We’re in the middle of three major stories converging at once, and the story on race has been one where you’ve been pretty frank. Do you have a platform that perhaps Norah O’Donnell and David Muir don’t?
People look at me. They expect me to have an opinion or to be affected by these things. That doesn’t necessarily show a bias but it’s a recognition of who I am as a person. People come to this broadcast presumably because they trust me and they respect me. If I didn’t say anything, I think it would be disappointing. Now, I choose my words carefully. But I don’t think it’s a bias to want this country to live up to its ideals, that it’s a bias for this country to be fair, that it’s a bias for people to want their police to function in service of people.
This might be the biggest story of our career. The whole mantra is journalism is a first draft of history. You have a say in what goes in the history book. What makes the cut?
I wrote the intro to the broadcast last night. We’d just come off another weekend of huge crowds of people, openly defying local and the state regulations. This didn’t air, but it was something to the effect that when the history is written of why this country failed in dealing with this pandemic, volumes will be spent on our inability to do the simple things like wearing a mask and socially distancing. That’s a paraphrase, but it’s pretty close. I think it’s appropriate sometimes to call it like it is.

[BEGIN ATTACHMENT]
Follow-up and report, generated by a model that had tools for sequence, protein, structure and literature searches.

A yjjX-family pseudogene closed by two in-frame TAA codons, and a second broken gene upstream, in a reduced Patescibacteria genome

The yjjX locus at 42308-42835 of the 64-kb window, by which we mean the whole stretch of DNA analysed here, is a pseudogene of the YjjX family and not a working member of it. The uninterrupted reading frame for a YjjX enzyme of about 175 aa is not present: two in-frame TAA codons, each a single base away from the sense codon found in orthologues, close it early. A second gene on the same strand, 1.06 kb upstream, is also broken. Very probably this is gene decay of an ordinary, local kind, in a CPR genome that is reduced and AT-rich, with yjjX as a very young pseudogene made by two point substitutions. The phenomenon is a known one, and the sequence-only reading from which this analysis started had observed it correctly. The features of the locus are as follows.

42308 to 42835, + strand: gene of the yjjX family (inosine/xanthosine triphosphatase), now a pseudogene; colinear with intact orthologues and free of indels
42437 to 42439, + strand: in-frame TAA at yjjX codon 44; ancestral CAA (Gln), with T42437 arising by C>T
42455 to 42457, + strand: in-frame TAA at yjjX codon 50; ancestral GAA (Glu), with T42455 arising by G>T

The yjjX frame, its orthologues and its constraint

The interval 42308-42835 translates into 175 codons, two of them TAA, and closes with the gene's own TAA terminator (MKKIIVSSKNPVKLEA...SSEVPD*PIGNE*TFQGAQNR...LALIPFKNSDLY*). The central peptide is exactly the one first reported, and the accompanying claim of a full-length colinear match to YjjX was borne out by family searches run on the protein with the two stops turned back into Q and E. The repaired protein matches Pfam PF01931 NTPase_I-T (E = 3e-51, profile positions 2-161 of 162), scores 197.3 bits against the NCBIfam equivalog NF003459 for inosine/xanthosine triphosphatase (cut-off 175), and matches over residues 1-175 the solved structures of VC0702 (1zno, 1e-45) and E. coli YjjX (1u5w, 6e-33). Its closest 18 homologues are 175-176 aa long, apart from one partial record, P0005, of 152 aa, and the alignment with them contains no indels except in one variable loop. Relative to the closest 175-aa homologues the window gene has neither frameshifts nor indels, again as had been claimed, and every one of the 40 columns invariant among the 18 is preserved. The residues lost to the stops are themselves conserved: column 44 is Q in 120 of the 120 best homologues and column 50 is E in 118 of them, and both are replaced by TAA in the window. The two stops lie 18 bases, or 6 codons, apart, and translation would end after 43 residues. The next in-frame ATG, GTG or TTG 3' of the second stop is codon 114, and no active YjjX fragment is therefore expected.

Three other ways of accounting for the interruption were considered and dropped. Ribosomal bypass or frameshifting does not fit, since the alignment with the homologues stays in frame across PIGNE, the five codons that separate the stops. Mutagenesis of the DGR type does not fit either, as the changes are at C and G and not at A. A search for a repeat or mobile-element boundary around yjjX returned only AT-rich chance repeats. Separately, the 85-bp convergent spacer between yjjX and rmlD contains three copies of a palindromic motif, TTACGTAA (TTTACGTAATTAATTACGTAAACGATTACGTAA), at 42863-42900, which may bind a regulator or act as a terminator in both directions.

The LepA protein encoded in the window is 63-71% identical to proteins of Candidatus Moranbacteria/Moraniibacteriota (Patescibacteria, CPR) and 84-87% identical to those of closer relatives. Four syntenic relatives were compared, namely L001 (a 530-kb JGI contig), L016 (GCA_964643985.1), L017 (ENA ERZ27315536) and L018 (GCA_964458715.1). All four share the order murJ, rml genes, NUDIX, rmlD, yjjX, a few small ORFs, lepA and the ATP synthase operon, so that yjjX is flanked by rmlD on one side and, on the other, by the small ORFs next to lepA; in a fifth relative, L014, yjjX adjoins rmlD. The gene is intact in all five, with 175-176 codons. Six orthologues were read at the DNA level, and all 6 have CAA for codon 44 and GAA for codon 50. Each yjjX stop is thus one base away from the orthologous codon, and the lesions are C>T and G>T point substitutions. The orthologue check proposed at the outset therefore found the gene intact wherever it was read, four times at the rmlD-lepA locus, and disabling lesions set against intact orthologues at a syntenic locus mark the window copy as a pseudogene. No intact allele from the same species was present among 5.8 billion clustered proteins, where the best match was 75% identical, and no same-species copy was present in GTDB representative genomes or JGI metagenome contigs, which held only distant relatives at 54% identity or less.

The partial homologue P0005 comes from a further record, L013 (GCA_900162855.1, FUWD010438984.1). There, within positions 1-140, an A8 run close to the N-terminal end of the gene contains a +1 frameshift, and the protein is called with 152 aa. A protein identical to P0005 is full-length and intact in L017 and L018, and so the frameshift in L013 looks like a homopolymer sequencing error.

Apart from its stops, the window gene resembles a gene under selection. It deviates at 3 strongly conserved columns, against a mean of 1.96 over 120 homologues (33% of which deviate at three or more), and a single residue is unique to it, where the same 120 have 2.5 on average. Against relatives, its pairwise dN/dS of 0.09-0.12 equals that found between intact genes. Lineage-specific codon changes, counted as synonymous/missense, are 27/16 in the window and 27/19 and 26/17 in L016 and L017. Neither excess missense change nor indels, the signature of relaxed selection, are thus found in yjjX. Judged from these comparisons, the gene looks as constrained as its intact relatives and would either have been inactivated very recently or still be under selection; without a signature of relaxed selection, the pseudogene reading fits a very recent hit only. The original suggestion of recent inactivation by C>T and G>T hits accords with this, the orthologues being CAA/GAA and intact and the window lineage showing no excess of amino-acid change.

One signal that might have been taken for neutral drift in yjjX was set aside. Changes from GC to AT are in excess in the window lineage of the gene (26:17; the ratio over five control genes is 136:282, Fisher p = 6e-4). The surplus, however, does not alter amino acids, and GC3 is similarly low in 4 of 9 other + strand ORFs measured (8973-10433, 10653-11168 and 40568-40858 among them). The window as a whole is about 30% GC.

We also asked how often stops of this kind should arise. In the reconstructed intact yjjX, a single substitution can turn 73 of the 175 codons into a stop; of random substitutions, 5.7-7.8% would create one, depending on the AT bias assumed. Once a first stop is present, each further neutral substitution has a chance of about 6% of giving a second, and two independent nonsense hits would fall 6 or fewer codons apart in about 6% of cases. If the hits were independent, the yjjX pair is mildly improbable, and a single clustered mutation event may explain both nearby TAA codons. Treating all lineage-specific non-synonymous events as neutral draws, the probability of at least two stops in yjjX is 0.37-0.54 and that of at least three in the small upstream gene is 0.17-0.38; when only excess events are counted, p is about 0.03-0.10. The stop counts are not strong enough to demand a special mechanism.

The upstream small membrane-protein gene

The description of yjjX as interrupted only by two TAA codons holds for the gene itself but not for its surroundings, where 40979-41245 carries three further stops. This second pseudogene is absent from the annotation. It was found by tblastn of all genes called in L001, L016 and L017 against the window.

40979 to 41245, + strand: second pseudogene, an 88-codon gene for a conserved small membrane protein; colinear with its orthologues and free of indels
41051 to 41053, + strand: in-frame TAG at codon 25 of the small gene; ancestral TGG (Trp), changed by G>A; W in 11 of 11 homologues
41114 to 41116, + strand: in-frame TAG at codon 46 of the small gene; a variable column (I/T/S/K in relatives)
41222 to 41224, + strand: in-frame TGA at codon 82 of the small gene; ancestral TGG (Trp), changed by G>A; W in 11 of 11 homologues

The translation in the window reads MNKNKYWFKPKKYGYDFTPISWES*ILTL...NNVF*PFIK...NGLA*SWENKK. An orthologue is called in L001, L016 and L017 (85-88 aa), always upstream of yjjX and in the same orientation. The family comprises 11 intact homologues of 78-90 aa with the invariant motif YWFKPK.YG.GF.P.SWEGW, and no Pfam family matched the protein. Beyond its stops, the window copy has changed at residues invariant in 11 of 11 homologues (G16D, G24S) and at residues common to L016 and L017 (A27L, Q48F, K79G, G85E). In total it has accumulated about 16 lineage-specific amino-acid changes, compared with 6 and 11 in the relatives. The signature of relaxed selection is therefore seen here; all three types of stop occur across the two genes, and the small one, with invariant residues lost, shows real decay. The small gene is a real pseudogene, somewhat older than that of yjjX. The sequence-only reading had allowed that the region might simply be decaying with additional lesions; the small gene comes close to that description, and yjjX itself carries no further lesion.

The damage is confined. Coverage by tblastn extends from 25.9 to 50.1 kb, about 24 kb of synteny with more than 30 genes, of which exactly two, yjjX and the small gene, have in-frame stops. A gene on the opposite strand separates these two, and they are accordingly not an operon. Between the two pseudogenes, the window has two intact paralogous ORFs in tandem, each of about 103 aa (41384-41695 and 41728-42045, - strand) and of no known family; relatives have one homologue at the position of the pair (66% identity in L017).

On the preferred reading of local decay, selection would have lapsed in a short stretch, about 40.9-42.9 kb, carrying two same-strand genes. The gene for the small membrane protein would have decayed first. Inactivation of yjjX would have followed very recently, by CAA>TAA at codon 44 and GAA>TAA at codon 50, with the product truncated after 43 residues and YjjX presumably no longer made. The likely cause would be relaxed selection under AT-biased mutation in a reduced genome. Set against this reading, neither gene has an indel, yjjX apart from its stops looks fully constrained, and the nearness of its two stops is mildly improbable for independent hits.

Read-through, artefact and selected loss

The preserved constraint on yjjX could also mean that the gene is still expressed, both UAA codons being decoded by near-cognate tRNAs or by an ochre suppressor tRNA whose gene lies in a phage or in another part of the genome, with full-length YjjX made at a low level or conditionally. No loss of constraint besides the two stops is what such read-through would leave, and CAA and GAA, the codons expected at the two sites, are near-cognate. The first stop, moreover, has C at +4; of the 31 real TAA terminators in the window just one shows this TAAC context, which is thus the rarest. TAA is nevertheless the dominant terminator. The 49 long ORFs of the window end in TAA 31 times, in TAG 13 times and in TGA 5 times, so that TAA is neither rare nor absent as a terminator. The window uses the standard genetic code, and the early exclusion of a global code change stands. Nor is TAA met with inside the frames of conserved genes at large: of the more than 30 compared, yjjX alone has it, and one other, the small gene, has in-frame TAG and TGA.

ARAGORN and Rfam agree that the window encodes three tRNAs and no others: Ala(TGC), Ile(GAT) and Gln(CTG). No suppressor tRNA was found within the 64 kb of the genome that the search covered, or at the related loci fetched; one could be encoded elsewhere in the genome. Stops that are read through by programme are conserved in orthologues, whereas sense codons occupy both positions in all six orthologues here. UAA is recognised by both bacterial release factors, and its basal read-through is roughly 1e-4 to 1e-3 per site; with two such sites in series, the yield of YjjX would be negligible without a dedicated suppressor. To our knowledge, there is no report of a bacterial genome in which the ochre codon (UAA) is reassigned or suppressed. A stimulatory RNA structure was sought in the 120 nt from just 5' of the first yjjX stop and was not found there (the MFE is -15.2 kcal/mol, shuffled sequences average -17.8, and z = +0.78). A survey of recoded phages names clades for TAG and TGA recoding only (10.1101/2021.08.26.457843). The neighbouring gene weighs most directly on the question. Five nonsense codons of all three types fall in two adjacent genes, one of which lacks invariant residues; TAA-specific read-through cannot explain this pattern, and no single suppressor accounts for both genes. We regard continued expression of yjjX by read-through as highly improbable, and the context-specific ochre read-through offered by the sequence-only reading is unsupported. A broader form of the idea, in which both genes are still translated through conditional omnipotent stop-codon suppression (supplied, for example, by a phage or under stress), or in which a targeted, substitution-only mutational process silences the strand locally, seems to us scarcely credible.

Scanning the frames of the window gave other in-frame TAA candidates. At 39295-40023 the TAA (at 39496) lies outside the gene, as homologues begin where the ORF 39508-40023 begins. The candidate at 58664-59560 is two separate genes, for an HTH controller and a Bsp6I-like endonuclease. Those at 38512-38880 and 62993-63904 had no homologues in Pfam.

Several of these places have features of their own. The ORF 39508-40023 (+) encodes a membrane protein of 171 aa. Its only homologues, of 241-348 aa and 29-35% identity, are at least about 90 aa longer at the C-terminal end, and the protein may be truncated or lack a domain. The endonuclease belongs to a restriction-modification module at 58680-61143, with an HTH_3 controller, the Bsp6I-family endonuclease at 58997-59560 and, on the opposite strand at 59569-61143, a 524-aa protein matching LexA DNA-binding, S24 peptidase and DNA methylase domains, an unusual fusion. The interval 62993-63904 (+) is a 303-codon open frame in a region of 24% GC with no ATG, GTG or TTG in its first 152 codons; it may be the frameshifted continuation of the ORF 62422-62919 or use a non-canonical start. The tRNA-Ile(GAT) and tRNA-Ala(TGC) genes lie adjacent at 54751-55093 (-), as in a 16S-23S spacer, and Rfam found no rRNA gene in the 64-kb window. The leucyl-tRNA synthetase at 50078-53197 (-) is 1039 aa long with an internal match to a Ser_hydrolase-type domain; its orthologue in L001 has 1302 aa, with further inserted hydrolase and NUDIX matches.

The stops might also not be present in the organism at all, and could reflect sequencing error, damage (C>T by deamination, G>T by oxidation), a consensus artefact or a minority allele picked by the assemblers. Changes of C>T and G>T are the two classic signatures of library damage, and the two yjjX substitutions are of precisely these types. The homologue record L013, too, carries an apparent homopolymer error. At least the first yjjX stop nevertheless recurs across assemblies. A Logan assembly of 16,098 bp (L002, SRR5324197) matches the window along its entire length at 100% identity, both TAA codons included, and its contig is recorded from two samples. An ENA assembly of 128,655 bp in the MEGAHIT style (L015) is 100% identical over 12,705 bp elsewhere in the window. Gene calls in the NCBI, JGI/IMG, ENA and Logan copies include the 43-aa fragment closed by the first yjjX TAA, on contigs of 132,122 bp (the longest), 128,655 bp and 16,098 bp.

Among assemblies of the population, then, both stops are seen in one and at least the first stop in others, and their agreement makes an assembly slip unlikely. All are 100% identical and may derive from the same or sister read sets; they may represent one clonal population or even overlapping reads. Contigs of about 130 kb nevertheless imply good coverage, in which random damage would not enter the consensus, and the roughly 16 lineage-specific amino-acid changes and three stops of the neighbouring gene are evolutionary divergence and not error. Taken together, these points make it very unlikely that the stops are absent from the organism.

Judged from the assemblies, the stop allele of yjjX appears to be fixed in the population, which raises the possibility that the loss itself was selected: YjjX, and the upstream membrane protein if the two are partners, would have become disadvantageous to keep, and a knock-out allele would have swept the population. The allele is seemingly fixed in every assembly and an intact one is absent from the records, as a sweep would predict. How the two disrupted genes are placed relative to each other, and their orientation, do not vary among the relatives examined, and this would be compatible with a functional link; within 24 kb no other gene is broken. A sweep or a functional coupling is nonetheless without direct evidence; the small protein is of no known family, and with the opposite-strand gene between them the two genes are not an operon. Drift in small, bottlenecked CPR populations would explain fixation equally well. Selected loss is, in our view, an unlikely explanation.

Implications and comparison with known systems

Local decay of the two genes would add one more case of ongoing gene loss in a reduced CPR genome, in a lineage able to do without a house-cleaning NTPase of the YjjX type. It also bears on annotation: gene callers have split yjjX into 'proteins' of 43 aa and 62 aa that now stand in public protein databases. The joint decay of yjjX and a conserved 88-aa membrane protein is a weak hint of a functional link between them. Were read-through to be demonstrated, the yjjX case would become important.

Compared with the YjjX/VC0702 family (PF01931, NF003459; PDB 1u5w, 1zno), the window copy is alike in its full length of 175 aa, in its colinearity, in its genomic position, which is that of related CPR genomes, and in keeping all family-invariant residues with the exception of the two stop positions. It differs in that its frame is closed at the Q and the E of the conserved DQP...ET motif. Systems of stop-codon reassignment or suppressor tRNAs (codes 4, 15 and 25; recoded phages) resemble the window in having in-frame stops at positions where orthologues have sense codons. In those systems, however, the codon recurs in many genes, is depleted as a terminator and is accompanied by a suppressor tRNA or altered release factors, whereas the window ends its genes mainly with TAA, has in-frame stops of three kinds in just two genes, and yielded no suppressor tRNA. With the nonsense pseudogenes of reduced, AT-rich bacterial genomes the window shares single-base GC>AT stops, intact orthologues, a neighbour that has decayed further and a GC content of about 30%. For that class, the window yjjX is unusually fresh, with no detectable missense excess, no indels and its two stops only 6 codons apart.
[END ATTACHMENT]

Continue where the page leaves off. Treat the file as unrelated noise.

This is an important time for journalism. This is an important story. And when it landed at our doorstep, I thought, ‘Alright, you know, we’ve taken three and a half years of a beating, of people trying to discredit us, but this is a story that everyone has to pay attention to, that people will recognize the importance of a free press.’ That happened, but then the politics creeped back into it. I guess I was a little naïve. I didn’t expect that.
I thought that this could be seen for what it was: a health threat that we all shared. Instead, suddenly it became seen through the lens of blue and red again. That was crushingly disappointing. It worries me about our future that even something like this has been marred by politics.
Can we purge the politics from it, or is it too late?
I think it’s too late. Most people get what it takes to fight this disease. They understand masks and social distancing. This has become almost the new global warming. The planet is getting warmer. That’s not a political statement, but it is for some people. COVID is spreading because too many people are crowding together. It’s not a political statement, but some people will see it as such.
How dare you embrace science and fact?
The thing is as journalists, we obviously have to report the body of science on this, which is huge in the direction of social distancing and get that mask wearing. We don’t want to be caught up in a political debate. I don’t want people to think I’m being political when I say we should all be wearing masks. Unfortunately, that’s what the environment has kind of led us down the road to.